As the foundation for this blog, we refer to two very good videos on Run Charts. While both cover the same material, they are also complementary. So, we recommend you watch both.

In the first video, Michael from the Quality Improvement Division of HSE Ireland covers the Run Chart.

HSE (Health Service Executive) provides all of Ireland’s public health services in hospitals and communities across the country.

The second video is from the University of Toronto Family Medicine – Training Module for Run Charts

This is the material summarized and expanded from both videos:

• A Run Chart displays data over time.
• There are Three Fundamental Elements
• Vertical Axis – Quality Measure
• Horizontal Axis – Time Order
• Center Line – Median
• Why Use a Run Chart?
• How will we know when a process change is an improvement?
• What if there is no change exhibited?
• What if the chart indicates a process deterioration?
• Easy to construct
• How much data is needed?
• You should have at least 10 before interpreting your chart.
• Easy to interpret
• See the 4 rules discussed below.
• Statistical knowledge is not required
• Just use the 4 rules.
• Can be used from the start of a project
• Start plotting as soon as you have your first data point.
• How do we interpret a Run Chart?
• 4 Rules for Interpreting a Run Chart
• Rule 1: The Shift
• 6 or more consecutive points all above or below the center line.
• Points on the median do not count.
• Rule 2: The Trend
• 5 or more points all going up, or all going down.
• Rule 3: Too Few or Too Many Runs based on the number of data points you have
• Run: One or more consecutive points on the same side of the center line
• Points on the median do not count.
• After counting the number of runs, you need to refer to a table. We provide one below the listing of these rules.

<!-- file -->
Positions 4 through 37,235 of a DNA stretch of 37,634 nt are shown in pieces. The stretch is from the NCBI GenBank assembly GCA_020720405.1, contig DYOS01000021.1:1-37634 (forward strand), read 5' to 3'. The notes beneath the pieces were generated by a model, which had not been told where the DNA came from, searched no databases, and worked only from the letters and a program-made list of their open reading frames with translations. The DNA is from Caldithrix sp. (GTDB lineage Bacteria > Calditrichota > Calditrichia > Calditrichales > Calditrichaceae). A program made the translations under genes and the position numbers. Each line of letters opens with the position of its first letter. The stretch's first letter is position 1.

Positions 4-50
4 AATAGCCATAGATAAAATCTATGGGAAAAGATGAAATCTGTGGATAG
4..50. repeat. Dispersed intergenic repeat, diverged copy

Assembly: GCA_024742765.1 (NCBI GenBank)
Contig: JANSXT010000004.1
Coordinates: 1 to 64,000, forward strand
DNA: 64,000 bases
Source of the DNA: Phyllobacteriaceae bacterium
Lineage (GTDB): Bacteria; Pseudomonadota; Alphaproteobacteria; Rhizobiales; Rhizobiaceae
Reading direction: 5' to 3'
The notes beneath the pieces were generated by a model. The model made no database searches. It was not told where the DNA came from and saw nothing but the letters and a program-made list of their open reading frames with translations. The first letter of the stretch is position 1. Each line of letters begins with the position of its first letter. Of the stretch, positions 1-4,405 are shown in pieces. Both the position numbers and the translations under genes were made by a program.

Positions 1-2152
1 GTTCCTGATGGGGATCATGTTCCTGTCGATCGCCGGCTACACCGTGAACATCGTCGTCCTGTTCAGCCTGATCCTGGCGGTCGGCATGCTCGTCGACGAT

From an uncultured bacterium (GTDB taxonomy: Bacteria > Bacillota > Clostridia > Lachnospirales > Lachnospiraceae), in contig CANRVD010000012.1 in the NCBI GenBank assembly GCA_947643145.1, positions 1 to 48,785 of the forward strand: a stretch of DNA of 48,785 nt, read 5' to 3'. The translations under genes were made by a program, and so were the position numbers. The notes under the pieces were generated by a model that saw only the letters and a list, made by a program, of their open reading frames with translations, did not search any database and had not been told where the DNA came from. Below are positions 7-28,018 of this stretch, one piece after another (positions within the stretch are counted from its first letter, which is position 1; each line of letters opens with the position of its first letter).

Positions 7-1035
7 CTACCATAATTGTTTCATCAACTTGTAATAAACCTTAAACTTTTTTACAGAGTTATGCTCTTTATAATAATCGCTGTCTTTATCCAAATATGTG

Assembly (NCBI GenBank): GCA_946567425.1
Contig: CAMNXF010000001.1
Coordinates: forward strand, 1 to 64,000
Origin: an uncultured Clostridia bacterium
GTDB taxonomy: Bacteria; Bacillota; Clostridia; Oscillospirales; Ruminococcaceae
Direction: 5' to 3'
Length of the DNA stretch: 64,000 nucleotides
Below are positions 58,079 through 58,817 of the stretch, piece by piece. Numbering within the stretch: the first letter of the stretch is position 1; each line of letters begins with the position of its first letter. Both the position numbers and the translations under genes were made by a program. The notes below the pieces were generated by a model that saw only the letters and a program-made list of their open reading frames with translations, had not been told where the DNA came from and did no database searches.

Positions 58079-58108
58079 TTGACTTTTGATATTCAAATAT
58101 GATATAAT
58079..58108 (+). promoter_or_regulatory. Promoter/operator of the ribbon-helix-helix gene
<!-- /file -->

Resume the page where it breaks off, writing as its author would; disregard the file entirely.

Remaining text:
• Rule 4: The Astronomical Data Point
• A single point is easily recognizable as unusually low or high compared to the rest of the data in your chart.
• What does a rule show?
• If a rule is found in the chart, it means a signal has occurred.
• A signal is a pattern in the data that is unlikely to have occurred by chance.
• A signal could represent an improvement following a change, but not necessarily
• Therefore, it is important to include subject matter experts for your process in the interpretation of your run chart.

Too Few Runs or Too Many Runs Table:

Table for Checking for Too Many or Too Few Runs on a Run Chart – Table 3.4 from the Health Care Data Guide by Provost and Murray – See reference at end of blog.

Table is based on about a 5% risk of failing the run test for random patterns of data

Adapted from Swed, Frieda S. and Eisenhart, Churchill. (1943). “Tables for Testing Randomness of Grouping in a Sequence of Alternatives.  Annals of Mathematical Statistics. Vol. XIV, pp.66 to 87, Tables II and III.

Valuable Reference:

For more information on using data for improvement with a focus on health care, see

The Health Care Data Guide: Learning from Data for Improvement

Lloyd P. Provost, Sandra K. Murray

Jossey-Bass, 2011

It is the definitive guide to using data to guide improvement, especially using charts, from Run Charts to Shewhart Control Charts and is available on Amazon, Barnes and Noble, and other online booksellers.